An educational birthday of Hyderabad’s Nizam — Mukarram Jah
Hyderabad: Birthdays are usually noisy affairs —filled with festoons, cakes, feasts and a round of applause. If the person is historically significant, then the bash gets bigger and louder. However, nothing of that sort happened on the 86th birth anniversary of Nawab Mir Barkath Ali Khan Bahadur Walashan, popularly known as Mukarram Jah Bahadur. His birthday was quietly celebrated in absentia at the sprawling Purani Haveli on Sunday. The traditional birthday cake was also missing. Instead, the occasion was used to stress the importance of education and educators.
Departing customary celebrations, the Mukarram Jah Trust for Education and Learning re-dedicated itself to providing quality education to the 3,000-odd children studying in the premises. For Mukarram Jah, the titular Nizam of Hyderabad, Purani Haveli was very dearest since the sixth and seventh Nizams were born here. After his coronation as the eight Nizam in 1967, he gave away the picturesque palace for setting up educational institutions. So in tune with his wishes, the trustees chose to highlight the importance of education to mark his birth anniversary.
Massarth Mahal, one of the seven beautiful palaces in the Purani Haveli complex, was the venue for the celebrations. The high ceiling edifice echoed with poems sung in praise of Prince Mukarram Jah. Having renovated five palaces, the trust is now in the process of sprucing up Massarth Mahal. “The renovation will be completed in the next few months,” said MA Faiz Khan, a trustee.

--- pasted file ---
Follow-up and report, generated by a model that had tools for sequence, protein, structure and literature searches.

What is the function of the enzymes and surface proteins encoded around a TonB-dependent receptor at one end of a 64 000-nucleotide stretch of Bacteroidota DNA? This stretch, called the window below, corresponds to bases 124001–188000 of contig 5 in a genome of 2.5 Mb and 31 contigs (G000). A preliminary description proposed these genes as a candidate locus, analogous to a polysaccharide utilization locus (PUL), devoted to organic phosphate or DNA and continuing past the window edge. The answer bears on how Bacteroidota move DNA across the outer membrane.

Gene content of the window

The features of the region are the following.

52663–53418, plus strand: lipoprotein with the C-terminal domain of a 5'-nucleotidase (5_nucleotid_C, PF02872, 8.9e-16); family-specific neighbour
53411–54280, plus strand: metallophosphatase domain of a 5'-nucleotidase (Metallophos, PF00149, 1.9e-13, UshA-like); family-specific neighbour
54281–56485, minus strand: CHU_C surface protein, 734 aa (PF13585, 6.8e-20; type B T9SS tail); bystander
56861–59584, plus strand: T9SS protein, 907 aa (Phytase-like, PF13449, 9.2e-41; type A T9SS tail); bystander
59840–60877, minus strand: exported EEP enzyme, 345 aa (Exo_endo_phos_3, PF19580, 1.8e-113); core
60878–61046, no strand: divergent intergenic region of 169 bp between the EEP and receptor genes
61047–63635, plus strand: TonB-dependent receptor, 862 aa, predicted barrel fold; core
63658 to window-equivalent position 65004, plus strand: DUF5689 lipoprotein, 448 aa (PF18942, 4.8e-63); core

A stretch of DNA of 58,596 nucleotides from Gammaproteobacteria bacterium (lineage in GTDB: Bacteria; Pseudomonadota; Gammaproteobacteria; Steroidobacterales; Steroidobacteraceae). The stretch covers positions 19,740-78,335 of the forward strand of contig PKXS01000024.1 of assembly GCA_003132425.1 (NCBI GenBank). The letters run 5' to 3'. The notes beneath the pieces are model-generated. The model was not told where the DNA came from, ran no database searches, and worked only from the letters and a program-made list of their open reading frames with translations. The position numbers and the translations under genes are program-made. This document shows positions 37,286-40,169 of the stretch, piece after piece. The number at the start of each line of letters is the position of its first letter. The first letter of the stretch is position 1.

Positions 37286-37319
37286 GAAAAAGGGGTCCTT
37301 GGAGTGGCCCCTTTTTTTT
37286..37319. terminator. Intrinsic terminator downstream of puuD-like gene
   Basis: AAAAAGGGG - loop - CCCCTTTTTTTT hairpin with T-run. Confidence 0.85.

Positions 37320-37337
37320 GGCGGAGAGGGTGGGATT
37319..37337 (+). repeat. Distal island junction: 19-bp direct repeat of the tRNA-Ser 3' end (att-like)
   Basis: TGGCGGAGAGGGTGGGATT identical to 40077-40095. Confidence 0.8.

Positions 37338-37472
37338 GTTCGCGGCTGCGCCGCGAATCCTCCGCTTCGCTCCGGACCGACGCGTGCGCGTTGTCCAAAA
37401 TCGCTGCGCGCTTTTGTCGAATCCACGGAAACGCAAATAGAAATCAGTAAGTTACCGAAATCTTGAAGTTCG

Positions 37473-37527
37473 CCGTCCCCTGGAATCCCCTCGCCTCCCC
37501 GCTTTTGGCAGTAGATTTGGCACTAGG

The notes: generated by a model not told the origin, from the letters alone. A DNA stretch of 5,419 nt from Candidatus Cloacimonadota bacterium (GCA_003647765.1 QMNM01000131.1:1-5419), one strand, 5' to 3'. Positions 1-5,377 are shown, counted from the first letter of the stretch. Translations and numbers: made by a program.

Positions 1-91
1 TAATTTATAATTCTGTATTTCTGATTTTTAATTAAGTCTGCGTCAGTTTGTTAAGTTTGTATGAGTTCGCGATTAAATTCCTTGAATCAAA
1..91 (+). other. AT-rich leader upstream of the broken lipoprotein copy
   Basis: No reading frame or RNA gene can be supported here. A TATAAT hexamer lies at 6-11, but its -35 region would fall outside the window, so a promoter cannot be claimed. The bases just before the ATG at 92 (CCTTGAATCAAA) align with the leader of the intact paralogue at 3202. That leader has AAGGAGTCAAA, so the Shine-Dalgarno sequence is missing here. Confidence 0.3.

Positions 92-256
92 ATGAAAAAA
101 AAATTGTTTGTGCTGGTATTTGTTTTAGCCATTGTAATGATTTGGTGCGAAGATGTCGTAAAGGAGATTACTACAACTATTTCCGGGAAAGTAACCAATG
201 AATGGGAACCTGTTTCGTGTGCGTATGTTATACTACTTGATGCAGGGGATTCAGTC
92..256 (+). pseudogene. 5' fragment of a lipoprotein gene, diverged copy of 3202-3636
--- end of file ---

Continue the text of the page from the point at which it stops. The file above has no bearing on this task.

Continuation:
Mir Asghar Hussain, former UNESCO Director, said education for sustainable development is the need of the hour. Teachers should learn to know, learn to do, learn to live together and encourage critical thinking among students. Televised teaching can never replace chalk and blackboard. “Teachers should constantly upgrade their skills and keep pace with technology,” he told educators.
Throwing light on Mukarram Jah, Hussain said the prince was brilliant and could have made an ideal professor, had he not been a member of the royal family. The prince who lives in relative anonymity in Istanbul loves to do farming and fiddle with motor mechanisms. Hussain recalled how Mukarram Jah drove from his Barkat Villa residence to meet his ailing mother, Mehrunnisa Begum, during the 1960s. “The prince used to carry food for my mother. I can’t forget his generosity,” said Hussain, who is the grandson of Nawab Fakhrul Mulk, builder of Errum Manzil.
The erstwhile rulers did their best to promote education and culture, which are inseparable. Now, it is for the posterity to protect the rich and varied cultural heritage of Hyderabad, Hussain said.